Apparently it was the dream of many Korean men to watch the World Cup on a 3D TV. I thought that was a little optimistic but then I found one in Lotte Department Store near us, proving at least that the technology was really out there as opposed to 'coming soon'. However, at around 2.5 million won (£1,400/$2,100), for many it may have remained a dream for now, although Samsung claim to have sold 26,000 3D TVs in Korea, so evidently some had the money to make the leap of faith.
Watching a 3D match live in the cinema seemed much more attainable, but it was so popular we were unable to get tickets. It was remarkable really, considering that at almost any other time football barely seems to register on the Korean sporting radar. I guess that's national pride for you. Despite working full-time during the day, two friends of ours - one of whom never watches football otherwise - arranged their limited sleeping schedule around South Korea's matches and somehow still managed to function at the office the next day.
Perhaps unfortunately for the 3D viewers though, some were quite disappointed by the quality of the 3D coverage. What I saw in the Lotte Department Store through 3D glasses was quite impressive, but it was a demonstration video which I'm sure is optimised to sell televisions. As always, real life may vary from the promises we are sold.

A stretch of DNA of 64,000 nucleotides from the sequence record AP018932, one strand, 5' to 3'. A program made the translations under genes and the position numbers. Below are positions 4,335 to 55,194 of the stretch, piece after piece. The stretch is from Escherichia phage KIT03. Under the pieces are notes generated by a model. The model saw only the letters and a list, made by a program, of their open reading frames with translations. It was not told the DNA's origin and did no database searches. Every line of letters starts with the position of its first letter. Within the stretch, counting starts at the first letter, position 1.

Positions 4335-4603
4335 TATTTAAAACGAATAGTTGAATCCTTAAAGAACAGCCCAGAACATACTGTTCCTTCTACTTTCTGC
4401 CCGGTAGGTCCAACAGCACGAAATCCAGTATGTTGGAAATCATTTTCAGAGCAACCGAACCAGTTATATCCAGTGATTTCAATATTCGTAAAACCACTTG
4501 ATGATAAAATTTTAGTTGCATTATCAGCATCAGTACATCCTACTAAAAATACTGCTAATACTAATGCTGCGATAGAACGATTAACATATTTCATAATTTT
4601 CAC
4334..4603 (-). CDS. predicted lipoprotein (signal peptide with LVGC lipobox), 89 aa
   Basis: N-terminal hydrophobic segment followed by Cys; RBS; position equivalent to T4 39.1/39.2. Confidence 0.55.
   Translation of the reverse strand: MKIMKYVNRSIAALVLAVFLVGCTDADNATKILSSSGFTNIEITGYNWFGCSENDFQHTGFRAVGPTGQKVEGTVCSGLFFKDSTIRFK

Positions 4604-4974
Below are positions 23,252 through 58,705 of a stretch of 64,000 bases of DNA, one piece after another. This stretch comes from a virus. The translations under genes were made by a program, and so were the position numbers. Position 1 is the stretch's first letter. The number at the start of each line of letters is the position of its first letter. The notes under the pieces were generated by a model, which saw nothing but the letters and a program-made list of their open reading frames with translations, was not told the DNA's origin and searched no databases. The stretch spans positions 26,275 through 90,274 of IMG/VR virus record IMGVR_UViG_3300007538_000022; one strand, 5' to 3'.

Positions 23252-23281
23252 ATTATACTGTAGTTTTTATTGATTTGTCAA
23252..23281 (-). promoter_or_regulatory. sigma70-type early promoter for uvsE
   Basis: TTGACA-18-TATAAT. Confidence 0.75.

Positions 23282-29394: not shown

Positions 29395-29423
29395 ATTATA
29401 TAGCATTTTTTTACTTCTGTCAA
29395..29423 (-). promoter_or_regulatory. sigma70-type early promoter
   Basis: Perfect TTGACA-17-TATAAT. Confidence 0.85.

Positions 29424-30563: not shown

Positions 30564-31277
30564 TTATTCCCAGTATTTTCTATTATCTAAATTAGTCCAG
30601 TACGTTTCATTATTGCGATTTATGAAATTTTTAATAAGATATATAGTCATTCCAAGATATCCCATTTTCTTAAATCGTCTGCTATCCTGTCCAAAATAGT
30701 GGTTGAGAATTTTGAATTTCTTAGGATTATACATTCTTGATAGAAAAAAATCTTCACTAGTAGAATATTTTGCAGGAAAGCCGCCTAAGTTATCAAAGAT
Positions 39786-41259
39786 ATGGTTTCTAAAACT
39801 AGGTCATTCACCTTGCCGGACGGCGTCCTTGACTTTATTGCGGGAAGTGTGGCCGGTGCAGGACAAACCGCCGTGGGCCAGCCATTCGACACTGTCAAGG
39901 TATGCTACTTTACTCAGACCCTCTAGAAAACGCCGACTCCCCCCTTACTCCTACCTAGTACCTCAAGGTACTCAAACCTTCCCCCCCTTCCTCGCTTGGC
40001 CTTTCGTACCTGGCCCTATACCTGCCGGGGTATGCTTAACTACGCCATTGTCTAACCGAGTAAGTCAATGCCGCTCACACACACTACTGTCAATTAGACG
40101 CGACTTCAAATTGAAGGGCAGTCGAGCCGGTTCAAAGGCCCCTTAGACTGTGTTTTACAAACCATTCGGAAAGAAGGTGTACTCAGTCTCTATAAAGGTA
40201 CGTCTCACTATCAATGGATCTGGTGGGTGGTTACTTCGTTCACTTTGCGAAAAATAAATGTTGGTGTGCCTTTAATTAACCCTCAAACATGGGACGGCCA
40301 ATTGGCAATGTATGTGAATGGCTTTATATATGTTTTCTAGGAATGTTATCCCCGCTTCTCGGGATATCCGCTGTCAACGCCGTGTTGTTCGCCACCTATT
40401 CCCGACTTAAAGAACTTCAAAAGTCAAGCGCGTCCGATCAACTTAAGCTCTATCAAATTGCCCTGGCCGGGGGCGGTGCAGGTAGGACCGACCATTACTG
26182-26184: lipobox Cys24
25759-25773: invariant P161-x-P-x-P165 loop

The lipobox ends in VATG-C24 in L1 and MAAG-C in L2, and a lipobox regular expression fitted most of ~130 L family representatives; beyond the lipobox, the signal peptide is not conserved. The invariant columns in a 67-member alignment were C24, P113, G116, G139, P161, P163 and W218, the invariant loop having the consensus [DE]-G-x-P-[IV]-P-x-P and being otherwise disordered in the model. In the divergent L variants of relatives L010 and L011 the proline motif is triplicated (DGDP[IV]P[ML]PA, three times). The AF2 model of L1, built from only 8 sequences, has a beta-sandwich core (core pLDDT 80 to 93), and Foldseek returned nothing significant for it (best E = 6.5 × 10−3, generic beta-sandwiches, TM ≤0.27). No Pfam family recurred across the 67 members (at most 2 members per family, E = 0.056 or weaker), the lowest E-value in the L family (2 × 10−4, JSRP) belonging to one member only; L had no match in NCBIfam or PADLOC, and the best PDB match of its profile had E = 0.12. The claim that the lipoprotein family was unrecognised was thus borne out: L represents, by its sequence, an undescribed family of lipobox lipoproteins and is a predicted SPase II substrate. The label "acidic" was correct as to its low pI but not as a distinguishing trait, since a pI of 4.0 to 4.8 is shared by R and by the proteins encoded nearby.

Even 2D television coverage was problematic. SBS won the exclusive rights to broadcast matches in Korea much to the anger of their competitors, but the practical upshot of this seems to have been that when matches occurred simultaneously SBS only showed one, because they were only using one channel to broadcast coverage. Which meant if you happen to be a foreigner wanting to watch your own team, or a Korean with a particular foreign interest, apparently you were out of luck.
The standard line of encouragement to almost anything requiring strenuous effort here is Fighting!, although admittedly due to the linguistic challenge of pronouncing this English word it is often heard as Whiting!, so I hear Korea Fighting! - or Korea Whiting! - rather a lot when the country, or anyone within it, is doing anything remotely competitive. The tag-line for the World Cup though, appeared to be Shouting Korea, or Korea Shouting - a potentially noisy yet welcoming toning down of the rhetoric. When the matches were shown, the highway outside our apartment went eerily quiet - somewhere out there, an entire nation were glued to their 2D and 3D screens.
And now it's over - for Korea at least - and presumably an entire nation will go back to the status quo ante as far as football is concerned until the next major championship. I keep meaning to go to a football game here, but they seem so far off the radar normally that I've never managed it, despite having a friend who is a referee with the Korean Football Association.